Comment history

For tenants and landlords, knowledge is power

Run down and neglected...you nailed it..here's a letter from the city to horvath. Available at the city's website. Read Treni's narrative, the city that went out to the house. There's even photos of the house falling apart. http://www.lawrenceks.org/planning/De...

August 25, 2013 at 10:30 p.m. ( | suggest removal )

For tenants and landlords, knowledge is power

"Pretty regularly..." except that he has never once checked on his properties. If he did he would find notice of foreclosure taped to the windows...as he no longer even owns the properties.

August 25, 2013 at 10:09 p.m. ( | suggest removal )

For tenants and landlords, knowledge is power

I'm not sure that we should be looking to Paul Horvath as the authority or representative of landlords/property managers here in Lawrence. As someone who has had the majority of his properties taken back by the bank in foreclosure and currently owes back taxes on the few remaining properties he has. I used to live on a block with two of his properties--historic homes that he let fall in to such a state of disrepair that they were taken back by the bank, sold at bottom dollar and required to be gutted and rehabbed. He never mowed the lawn, he didn't shovel snow, and had animals living in the soffits of the house. The bathrooms had mold, the floor joists were eaten by termites. This isn't unique to just one of his properties. Ask around town and everyone has their Horvath nightmare to share...I'd suggest the ljworld find a better rep for landlords in the future. I now own a couple of properties and am certainly not up in arms about an inspection every three years. I'd welcome the city to ensure that I'm providing clean, safe, and code-abiding homes to my tenants--as every tenant deserves. I can attest that it should not be hard to provide excellent housing, maintaining properties to excellent standards and still profit--it simply requires foresight to save a bit of that profit for maintanence and repairs. Slightly lower profit, but everyone wins. In the case of Horvath's model it seems everyone loses, his tenants, the neighborhood, the city, and eventually even citi bank lenders and himself.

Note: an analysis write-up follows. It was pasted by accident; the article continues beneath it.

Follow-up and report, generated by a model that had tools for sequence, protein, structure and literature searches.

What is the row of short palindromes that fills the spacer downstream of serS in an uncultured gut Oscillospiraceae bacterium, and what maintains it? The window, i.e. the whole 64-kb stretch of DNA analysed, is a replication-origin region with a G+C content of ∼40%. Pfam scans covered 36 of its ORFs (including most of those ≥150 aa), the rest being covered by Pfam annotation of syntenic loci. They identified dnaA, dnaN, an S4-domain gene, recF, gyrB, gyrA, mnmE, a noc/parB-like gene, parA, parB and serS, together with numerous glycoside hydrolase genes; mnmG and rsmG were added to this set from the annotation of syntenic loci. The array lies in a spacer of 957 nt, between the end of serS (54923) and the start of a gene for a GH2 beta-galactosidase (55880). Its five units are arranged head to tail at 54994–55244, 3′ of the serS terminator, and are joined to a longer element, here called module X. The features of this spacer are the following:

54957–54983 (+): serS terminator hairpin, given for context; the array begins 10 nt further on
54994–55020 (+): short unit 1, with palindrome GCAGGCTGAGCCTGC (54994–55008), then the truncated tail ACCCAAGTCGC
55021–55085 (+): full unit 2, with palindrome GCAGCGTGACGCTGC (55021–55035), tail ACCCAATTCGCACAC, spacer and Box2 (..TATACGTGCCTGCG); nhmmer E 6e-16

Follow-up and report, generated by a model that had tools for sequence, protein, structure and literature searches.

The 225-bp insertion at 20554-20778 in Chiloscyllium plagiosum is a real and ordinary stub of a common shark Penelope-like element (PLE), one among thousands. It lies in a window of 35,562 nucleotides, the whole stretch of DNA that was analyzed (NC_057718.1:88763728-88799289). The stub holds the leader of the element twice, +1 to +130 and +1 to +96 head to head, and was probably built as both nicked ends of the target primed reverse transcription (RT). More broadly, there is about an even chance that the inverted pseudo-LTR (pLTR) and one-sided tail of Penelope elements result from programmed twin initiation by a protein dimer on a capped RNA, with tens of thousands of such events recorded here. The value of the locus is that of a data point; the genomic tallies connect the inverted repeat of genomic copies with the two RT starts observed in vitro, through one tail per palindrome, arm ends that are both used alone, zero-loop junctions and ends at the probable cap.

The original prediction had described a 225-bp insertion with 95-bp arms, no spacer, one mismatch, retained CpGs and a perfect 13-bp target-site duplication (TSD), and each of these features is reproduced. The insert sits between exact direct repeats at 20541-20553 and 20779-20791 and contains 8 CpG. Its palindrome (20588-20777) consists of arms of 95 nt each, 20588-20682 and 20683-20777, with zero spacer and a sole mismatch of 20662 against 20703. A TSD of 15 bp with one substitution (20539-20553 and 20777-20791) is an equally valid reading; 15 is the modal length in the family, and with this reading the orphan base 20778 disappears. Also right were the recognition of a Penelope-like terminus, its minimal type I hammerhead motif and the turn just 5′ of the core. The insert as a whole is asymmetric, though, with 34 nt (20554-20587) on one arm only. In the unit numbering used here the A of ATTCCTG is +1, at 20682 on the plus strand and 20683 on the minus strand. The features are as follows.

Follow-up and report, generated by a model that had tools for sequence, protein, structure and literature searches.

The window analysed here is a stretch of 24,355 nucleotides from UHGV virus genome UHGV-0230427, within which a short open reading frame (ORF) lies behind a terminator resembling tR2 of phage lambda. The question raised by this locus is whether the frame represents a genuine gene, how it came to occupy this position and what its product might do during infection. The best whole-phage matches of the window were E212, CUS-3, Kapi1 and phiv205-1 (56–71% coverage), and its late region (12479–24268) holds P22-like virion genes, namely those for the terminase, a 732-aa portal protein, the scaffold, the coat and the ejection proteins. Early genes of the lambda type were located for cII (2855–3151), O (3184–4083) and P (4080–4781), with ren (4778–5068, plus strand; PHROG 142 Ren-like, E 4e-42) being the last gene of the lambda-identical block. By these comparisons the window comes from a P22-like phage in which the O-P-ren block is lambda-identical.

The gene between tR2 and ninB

August 25, 2013 at 10:06 p.m. ( | suggest removal )